Many of the photographs illuminate a celebrity without showing a face at all. A triptych of Miles Davis' hands by Irving Penn (1986) is juxtaposed against Herman Leonard's 1956 portrait of Chet Baker, hiding behind his trumpet.
A gift to Atlanta
The exhibition, which runs through January 28, and will only be shown in Atlanta, has been years in the making. It started out as an offer from John to then-High Museum Curator Ned Rifkin (now director of the Menil Collection in Houston) in the months before Atlanta hosted the 1996 Olympics.
John told Rifkin he would be out of town for the games, and offered to open his 18,000-square-foot condo on Peachtree Street to show his photographs to special visitors to the games. Rifkin, already committed to blockbuster exhibits for the Olympics, gamely took a rain check, now being cashed in.
The exhibit's managing curator, High Museum Photography Curator Thomas Southall, says, "I think Elton saw this as a great opportunity to give back to the city of Atlanta that he had found so welcoming."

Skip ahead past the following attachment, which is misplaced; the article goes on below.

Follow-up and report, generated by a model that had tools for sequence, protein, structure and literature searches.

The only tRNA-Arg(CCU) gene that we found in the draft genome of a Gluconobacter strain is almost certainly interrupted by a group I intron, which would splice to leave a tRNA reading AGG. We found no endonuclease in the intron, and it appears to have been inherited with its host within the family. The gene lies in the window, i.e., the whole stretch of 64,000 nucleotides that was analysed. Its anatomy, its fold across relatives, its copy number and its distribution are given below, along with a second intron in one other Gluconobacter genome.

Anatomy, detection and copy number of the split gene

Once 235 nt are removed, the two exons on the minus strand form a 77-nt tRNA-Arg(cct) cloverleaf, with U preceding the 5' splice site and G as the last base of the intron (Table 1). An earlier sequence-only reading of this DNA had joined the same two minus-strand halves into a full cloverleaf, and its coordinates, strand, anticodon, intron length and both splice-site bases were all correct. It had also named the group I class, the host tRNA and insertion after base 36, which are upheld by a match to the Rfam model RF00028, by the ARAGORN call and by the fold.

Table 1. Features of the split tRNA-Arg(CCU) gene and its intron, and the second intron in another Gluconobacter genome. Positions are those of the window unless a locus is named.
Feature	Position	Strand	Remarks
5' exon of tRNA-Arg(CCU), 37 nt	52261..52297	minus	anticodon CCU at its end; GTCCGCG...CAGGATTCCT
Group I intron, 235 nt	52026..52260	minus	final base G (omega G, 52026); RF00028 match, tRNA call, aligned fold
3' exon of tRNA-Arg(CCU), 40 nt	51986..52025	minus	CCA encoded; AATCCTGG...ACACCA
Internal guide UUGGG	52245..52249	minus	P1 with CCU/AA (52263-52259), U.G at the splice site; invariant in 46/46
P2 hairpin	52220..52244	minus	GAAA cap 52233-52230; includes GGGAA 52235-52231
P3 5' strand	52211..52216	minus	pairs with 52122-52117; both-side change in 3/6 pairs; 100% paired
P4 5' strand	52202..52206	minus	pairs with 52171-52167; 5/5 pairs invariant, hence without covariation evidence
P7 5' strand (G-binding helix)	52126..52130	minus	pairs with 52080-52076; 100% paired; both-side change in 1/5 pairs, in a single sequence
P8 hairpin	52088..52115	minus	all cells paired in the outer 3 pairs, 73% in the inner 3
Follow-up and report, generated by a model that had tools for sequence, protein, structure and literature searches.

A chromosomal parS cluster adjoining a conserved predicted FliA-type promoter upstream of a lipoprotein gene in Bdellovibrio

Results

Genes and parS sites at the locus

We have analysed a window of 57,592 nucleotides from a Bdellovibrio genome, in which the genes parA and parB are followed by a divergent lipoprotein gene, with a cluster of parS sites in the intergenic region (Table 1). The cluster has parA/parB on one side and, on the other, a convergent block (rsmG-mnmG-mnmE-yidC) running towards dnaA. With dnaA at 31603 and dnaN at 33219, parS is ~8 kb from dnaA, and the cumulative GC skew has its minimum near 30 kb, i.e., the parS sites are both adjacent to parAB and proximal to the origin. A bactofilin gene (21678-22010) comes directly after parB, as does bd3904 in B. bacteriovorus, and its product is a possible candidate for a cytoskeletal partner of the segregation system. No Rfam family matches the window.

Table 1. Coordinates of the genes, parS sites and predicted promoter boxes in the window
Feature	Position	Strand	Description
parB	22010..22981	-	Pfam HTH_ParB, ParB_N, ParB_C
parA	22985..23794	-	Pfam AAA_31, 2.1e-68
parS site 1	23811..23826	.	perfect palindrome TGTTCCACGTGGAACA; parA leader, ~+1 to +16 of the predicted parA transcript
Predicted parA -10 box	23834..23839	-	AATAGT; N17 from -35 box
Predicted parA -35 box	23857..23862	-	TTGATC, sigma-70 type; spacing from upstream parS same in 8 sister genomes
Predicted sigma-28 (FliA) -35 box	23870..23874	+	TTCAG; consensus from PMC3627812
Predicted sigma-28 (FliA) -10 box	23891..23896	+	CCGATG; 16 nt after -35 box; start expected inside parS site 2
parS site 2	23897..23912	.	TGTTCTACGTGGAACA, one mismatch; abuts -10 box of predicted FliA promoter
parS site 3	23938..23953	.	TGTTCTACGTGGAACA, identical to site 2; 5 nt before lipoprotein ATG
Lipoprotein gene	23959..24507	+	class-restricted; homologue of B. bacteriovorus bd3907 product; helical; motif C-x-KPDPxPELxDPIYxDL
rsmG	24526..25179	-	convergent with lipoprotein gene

"One of the things that I think really distinguishes Elton's collection is that it's a passionate collection," Southall said. "It isn't trying to make some sort of argument about what art is or should be. It's eclectic."
"We're very excited by the fact that we're going to be exposing the great art of photography to thousands of Elton John fans who have never heard of Man Ray or Edward Weston or Alfred Stieglitz or any of those great 20th-century masters that are here," he says.
Atlanta photography dealer Jane Jackson, owner of Jackson Fine Art, has been a kind of mentor to John's collecting passion. She was sick in bed with the flu on New Year's Eve in 1991 when John's interior designer, Fred Dilger, called to ask if she could open the gallery for his client.
"So I did," Jackson says. "I jumped out of bed and headed over to the gallery. I have to say it was not one of those moments you forget."
John purchased a few photographs that day by Elliot Erwitt and Edward Curtis, but also left with a stack of photography books.
When he returned the next time, Jackson discovered that John had actually read the books. He knew a lot more than he did on his first visit.
"When people see this exhibit, they will see what he's accomplished," Jackson says. "For most people, this would be a full-time job."
Jackson says as John has learned more, he has become more particular in terms of what he's collecting, whether it's a rare, modernist piece or a contemporary artist.